Should I accept a proposal from a g...

Egypt's Dar Al-Ifta

Should I accept a proposal from a girl in appreciation of a favor I will do to her family?


I wish to donate one of my kidneys to a Muslim brother who is in bad need of a kidney transplant. However, his family insists on giving me their daughter to marry without a dowry. Am I permitted to marry her on this condition?


There are several points involved in this question. I will start with the most important which is your marriage to the girl the family wants to give you in marriage, in appreciation of what you want to do. You seem to be willing to undertake a great sacrifice to help an ill person, and your action will not go unrewarded. However, you do not ask for anything in return. Yet the family wants to give you their daughter in marriage. This may be the family’s way of thanking you and making you feel that you now belong to their family. All of this may be commendable, but what about the girl herself? Is she willing to marry you? Is her willingness genuine, or does she feels pressured to marry you because of what you are going to sacrifice to help her sick brother?

The pressure may be tacit in this case. No words may be said in persuasion, but the girl may feel that she cannot refuse. She may feel that if she declines, she would appear ungrateful, and her family may think her selfish. If something happens and the prospect of donating a kidney to the patient goes wrong, then she would be blamed for it on account of her refusal to marry you. This is a very weighty pressure indeed, and it should be removed before asking her whether she consents to this marriage. I suggest that you speak to the girl alone [without the intervention of a third person], preferably on the telephone, before doing anything about the marriage. You should tell her that you want her to decide freely. You should also tell her that you appreciate the delicacy of the situation.

Therefore, she must be frank with you about her feelings. If she shows the slightest reluctance or expresses fears about the marriage, you should do the honorable thing and tell the family that you are not donating your kidney for the marriage but because you want to help the patient. You should tell them that you will go ahead with the donation, but do not wish to marry their daughter. You should also give some plausible excuse, such as asserting to them that you are happily married and do not want to marry again [or for reasons of compatibility]. You should give the family the impression that you are the one who is withdrawing from the marriage and not their daughter.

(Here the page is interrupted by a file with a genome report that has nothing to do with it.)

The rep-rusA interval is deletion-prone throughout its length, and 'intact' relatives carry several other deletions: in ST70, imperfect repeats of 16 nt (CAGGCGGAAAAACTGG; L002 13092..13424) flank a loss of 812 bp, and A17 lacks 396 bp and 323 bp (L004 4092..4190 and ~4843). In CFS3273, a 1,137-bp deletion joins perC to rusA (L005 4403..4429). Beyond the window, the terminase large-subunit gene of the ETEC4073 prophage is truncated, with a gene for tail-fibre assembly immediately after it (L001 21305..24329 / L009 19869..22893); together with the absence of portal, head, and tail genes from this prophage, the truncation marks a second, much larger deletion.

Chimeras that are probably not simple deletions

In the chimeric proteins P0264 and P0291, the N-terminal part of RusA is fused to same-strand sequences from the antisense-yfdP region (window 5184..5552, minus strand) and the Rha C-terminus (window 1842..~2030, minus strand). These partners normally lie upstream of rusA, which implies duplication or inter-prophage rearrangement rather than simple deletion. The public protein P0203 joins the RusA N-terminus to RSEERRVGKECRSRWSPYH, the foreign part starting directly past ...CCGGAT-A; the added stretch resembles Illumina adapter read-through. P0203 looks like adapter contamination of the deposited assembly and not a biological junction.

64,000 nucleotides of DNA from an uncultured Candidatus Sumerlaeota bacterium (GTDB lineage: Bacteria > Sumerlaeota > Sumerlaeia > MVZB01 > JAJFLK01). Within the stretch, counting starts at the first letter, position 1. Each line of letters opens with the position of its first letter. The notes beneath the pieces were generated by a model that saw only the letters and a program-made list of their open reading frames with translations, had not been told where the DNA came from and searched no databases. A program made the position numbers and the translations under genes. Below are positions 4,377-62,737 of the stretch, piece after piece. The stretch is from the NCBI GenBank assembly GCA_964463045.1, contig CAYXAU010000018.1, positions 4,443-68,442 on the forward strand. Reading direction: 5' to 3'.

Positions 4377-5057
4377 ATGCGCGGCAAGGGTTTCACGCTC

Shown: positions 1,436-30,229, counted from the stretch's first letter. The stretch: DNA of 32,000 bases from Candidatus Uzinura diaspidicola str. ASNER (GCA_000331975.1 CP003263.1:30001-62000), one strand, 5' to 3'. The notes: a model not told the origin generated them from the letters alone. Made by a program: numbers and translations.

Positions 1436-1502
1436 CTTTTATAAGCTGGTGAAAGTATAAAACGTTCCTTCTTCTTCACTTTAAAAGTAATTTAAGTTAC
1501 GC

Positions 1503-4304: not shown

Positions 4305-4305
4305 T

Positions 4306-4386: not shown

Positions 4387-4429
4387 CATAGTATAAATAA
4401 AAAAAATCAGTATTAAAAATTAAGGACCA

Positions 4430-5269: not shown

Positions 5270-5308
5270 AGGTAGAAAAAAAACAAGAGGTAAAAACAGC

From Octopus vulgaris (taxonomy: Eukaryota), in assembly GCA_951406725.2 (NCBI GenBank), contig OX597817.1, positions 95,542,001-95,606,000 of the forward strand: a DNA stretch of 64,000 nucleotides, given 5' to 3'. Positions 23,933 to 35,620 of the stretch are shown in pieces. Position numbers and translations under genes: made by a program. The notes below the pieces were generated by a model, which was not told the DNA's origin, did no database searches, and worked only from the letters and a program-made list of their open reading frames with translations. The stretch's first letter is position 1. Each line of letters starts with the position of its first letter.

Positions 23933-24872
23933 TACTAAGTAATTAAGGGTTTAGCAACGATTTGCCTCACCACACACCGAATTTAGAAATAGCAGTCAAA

On the other hand, if you feel that the girl is genuinely willing to marry you, then you may go ahead with the marriage in the proper way. You should give her a dowry, even a nominal one, provided that she accepts such an amount. Alternatively, you may offer a larger dowry, and the girl may then forgo it as a personal gesture, which she herself is willing to make [which shall not be a precondition].

As for donating a kidney, that is also an complex subject. We have to consider several factors. These include the patient’s need to have a kidney transplant and how much your body can tolerate the removal of one kidney. Are you likely to lead a physically normal life after the donation? Furthermore, there should be a clear medical decision that the patient’s body is highly unlikely to reject the transplanted kidney. This is very important, because if the transplant takes place and the patient’s body rejects the new kidney, the patient will remain in the same position he was in before the transplant and you will have to live with one kidney.

I know a case where a patient with complete kidney failure was given a kidney by his own brother. The transplant was successful at first, but within two weeks, the body rejected the transplanted kidney. Although this operation was carried out in one of the leading hospitals in London and by one of the best surgeons in the field, all attempts to save the kidney and make the body accept it failed. The patient died a few months later. I am not aware of what happened to the donor. This shows the need to be extra careful in these cases. If all these factors are positive and encourage the transplant, then the donation may be acceptable. If the case carries a substantial degree of doubt, then it is better abandoned.

Having said that, I should add that this is different from a post-mortem transplant. In this latter case, the transplant is permissible.

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